Instructables

A Good Crucible

Im new to the forge community and i need some advice. I built my first forge useing the charcoal and coffie can method. i melted about 20 or more cans so far and got about 86 grams of aluminum. The crucible i used was a soup that i burned through. I done that twice. While melting I got a lot of slag. Is that normal when melting cans? I also need a good crucible. What can i use for now and where can i get a good one later. I plan to make a propane forge in the near future so a few tips here would be helpfull as well. Any and all advice would be helpfull. Thank you in advance ~Jeht Black~

Goodhart7 years ago
Here is someone's post in another forum on making a good crucible: Post on Crucible
Jeht Black (author)  Goodhart7 years ago
This is good information, thank you. What type of clay do I use when makeing a crucible?
iv heard that ceramic works well. try makeing one out of fire cement using a small contaner as a mold.
I am not positive. It would have to be something that could be fired and would not crack under high heat.
Jeht Black (author)  Goodhart7 years ago
alright. thank you for the information
comander015 years ago
Ive heard that if you use the clumping kitty litter, water, and fire cement you can easily shape a custom crucible. The kitty litter gives it form and some heat resistance, and the fire cement prevents anything from melting through.
isent kitty litter a bad idea because of the chemicals in it? might be deadly if burned. u know fumes and all.
kharaku4 years ago
 I have found good ceramic crucibles here.
jtobako7 years ago
Lots of slag is normal with cans. For a crucible, if you can't find a cast iron pot (not pan, the sides aren't tall enough for the fire to keep the center hot) you can cut the bottom off of an EMPTY compressed gas cylinder. The small medical oxygen tanks work well, and are sometimes free when they don't pass inspection-very thick and last a long time without worrying about the slow heating that ceramic crucibles need. EMPTY portable propane bottles (400-500 g?) work for longer than a tin can-just make sure they are empty before cutting into them : )
exactly that is what i am using for the time being i ran outof propane in one of my many tanks (the small ones that are thin and tall) i just made sure that the gas was completely "drained" and i cut at the seam. then i made a spout and there i had an effective crucible. the only problem is that the container is a bit thin and started to flake. and another horrible thing happened i was ussing a coffee can foundry for that run while melting zinc. an ember fell into my crucible and the zinc caught on fire. it had a nasty reaction and i had to reheat and clean it out with water which weakened it. about half a pound of zinc wasted...
Zinc melts low enough (less than 800f/just over 400c) that you shouldn't need that much of a fire, just enough to set the crucible on (not in).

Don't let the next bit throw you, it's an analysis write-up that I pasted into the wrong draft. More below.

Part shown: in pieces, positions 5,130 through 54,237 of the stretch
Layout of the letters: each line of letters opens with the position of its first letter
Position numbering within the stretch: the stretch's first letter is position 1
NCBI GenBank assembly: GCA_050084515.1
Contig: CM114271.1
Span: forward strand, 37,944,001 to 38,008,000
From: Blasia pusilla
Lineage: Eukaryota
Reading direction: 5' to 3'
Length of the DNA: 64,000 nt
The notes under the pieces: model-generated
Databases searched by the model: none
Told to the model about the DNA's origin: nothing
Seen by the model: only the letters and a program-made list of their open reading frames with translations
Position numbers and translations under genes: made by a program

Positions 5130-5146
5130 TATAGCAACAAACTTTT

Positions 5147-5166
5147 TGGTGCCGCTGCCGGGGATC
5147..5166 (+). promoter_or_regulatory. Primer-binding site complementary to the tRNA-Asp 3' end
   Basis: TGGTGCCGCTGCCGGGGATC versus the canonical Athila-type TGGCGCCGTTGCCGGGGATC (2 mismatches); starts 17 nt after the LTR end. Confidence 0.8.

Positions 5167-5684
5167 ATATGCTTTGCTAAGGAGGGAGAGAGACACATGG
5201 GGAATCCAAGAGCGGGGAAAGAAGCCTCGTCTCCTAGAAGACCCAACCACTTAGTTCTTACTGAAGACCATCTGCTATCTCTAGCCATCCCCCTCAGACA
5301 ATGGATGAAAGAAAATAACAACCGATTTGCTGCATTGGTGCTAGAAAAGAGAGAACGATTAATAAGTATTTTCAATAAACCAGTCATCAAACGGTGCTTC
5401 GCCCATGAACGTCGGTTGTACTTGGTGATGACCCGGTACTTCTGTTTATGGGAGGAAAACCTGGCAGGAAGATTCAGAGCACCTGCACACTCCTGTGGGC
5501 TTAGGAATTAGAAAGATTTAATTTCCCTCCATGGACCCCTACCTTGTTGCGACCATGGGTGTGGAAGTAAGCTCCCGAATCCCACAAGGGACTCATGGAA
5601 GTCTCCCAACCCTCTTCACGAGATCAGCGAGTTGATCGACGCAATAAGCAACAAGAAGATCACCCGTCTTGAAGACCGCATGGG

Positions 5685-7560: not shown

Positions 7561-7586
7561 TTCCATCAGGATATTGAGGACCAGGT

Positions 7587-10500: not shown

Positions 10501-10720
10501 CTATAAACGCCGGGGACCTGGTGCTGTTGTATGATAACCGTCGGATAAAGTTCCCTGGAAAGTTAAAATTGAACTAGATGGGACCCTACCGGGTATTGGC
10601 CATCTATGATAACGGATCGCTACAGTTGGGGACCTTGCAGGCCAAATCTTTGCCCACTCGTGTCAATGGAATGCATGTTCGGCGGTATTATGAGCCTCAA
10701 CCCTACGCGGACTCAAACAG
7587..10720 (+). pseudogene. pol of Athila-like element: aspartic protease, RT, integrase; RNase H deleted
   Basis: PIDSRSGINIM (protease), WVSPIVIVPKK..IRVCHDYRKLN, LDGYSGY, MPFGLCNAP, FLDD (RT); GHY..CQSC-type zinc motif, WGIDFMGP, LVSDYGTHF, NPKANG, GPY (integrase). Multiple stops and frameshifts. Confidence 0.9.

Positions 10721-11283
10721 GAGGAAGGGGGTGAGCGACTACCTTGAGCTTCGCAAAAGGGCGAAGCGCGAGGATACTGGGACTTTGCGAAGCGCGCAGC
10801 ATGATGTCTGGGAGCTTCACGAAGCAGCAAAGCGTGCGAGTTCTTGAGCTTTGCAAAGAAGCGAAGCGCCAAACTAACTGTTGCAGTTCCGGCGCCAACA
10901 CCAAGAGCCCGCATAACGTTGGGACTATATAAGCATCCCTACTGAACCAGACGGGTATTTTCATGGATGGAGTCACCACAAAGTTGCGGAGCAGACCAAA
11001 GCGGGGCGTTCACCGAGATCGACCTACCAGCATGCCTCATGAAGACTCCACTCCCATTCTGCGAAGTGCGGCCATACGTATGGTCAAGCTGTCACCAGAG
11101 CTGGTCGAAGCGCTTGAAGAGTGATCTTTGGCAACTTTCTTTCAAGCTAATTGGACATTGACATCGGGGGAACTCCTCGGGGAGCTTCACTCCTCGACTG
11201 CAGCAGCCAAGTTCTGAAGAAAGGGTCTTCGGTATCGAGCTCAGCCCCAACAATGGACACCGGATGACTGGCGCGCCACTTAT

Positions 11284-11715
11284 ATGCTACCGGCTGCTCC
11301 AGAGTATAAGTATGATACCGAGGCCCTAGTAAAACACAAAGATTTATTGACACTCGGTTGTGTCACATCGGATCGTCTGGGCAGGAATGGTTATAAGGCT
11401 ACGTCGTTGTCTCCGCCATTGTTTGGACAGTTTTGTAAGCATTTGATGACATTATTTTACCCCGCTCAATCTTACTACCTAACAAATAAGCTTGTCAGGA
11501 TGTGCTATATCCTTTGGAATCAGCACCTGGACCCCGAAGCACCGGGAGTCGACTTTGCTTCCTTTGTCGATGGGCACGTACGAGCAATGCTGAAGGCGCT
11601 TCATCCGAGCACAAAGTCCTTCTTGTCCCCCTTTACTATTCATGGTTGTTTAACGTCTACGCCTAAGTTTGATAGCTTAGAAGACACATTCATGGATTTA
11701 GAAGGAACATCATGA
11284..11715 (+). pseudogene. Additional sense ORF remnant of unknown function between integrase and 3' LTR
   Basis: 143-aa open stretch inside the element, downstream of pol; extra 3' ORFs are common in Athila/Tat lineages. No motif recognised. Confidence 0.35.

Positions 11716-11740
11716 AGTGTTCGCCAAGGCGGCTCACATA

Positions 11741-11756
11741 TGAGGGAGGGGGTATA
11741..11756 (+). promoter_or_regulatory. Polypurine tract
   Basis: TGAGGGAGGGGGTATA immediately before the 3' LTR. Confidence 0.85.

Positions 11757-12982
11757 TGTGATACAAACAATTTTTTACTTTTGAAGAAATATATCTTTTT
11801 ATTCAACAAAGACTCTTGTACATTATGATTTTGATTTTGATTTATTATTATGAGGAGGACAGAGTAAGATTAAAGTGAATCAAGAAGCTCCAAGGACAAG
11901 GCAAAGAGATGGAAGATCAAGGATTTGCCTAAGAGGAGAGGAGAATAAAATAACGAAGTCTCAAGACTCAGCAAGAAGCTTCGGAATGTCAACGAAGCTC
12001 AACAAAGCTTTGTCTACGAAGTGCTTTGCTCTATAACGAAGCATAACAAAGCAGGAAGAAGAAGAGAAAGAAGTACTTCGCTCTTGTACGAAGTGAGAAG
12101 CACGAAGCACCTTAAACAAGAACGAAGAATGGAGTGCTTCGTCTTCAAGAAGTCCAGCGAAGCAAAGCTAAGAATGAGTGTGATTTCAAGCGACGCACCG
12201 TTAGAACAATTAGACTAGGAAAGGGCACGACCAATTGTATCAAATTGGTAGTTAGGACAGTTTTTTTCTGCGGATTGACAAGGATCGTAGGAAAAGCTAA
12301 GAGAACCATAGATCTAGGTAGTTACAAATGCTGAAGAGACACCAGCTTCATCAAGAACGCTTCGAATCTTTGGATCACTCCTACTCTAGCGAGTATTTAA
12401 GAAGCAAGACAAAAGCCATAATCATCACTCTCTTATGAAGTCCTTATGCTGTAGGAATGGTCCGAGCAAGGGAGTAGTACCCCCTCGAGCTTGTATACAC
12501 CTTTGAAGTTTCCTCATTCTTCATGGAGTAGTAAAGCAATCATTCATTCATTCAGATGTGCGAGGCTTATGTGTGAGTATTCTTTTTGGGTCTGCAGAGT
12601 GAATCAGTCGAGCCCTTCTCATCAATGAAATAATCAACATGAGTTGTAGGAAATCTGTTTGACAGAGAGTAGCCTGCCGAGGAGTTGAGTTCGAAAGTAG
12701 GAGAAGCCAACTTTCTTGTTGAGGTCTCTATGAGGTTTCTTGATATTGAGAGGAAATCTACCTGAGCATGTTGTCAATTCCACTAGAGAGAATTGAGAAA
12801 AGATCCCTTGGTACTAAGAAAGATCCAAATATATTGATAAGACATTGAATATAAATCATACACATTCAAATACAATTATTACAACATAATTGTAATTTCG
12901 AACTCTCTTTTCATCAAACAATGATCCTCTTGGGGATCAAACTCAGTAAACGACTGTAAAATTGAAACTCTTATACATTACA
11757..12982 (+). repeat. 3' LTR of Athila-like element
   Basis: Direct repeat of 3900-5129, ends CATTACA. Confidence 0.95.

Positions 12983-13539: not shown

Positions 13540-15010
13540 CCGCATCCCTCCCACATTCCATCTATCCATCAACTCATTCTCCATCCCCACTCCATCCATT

Jeht Black (author)  jtobako7 years ago
now that will work and i know where i can get one....my granny thanks
Might want to ask granny where she gets hers, then ask them where the cylinders go that no longer pass inspection end up : )
John Smith7 years ago
I can't believe no one linked to bacyard metalcasting. I have this book, and have built somehting similar. For crucibles, see this. For refractory formulas, see this. If you are REALLY on a budget, try this. Hope this helps!

PS- If you have any questions, PM me. Ive made a working furnace, and have melted metal on several occasions.
John Smith u have a very good link i have thoroughly read over that website a while back and finally am about to make the waste oil burner... great website anyways the only problem with the way he makes the crucible is that if u plan to melt iron ur crucible will melt away into "nothingness" i would suggest to buy a ceramic crucible or even make one out of stoneware or porceleain clay since they have higher melting temperatures than orginary earthenware clay hope this helps
Oh, and try NOT to melt cans first, melt solid aluminum first. Then, add the cans, which you should pound into little bricks to prevent oxidation. A good source of aluminum is old ladders, and short scrap pieces. Also, try aluminum chairs. You could try asking your local machine shop to save aluminum scrap. If they say no, tell them you melt metal, and you want to use it for that.
bowakowa7 years ago
I've run into this same problem. I've been scouring the goodwills for cast iron.
try this.
For a crucible, either make one out of fire clay or get a block(s) of graphite (eBay's usually a good place to look). You can also find graphite crucibles that have already been made on eBay, but they usually go fairly high in the price range as the auction progresses.

As far as slag goes, you'll get quite a bit of slag, but if you can find some bailing wire (needs to have carbon in it) some where around you, you can just dip a piece in and the slag will attach itself to the wire.

Here's a Crucible site that can help you figure out what you want/need.

Almost forgot, there's also Carbide Crucibles and there's a powder (flux) that you can add into the crucible while you're melting the cans to make the slag float to the top so that you can just scoop it off. Here' a site with more details (I saw the powder on eBay sometime last year, but am unable to find it now).
Goodhart7 years ago
Aluminum, untreated (which it would be once heated at that temp) oxidizes fairly quickly, and under that heat, even more so.

Some technical info on Aluminum Oxidation rates...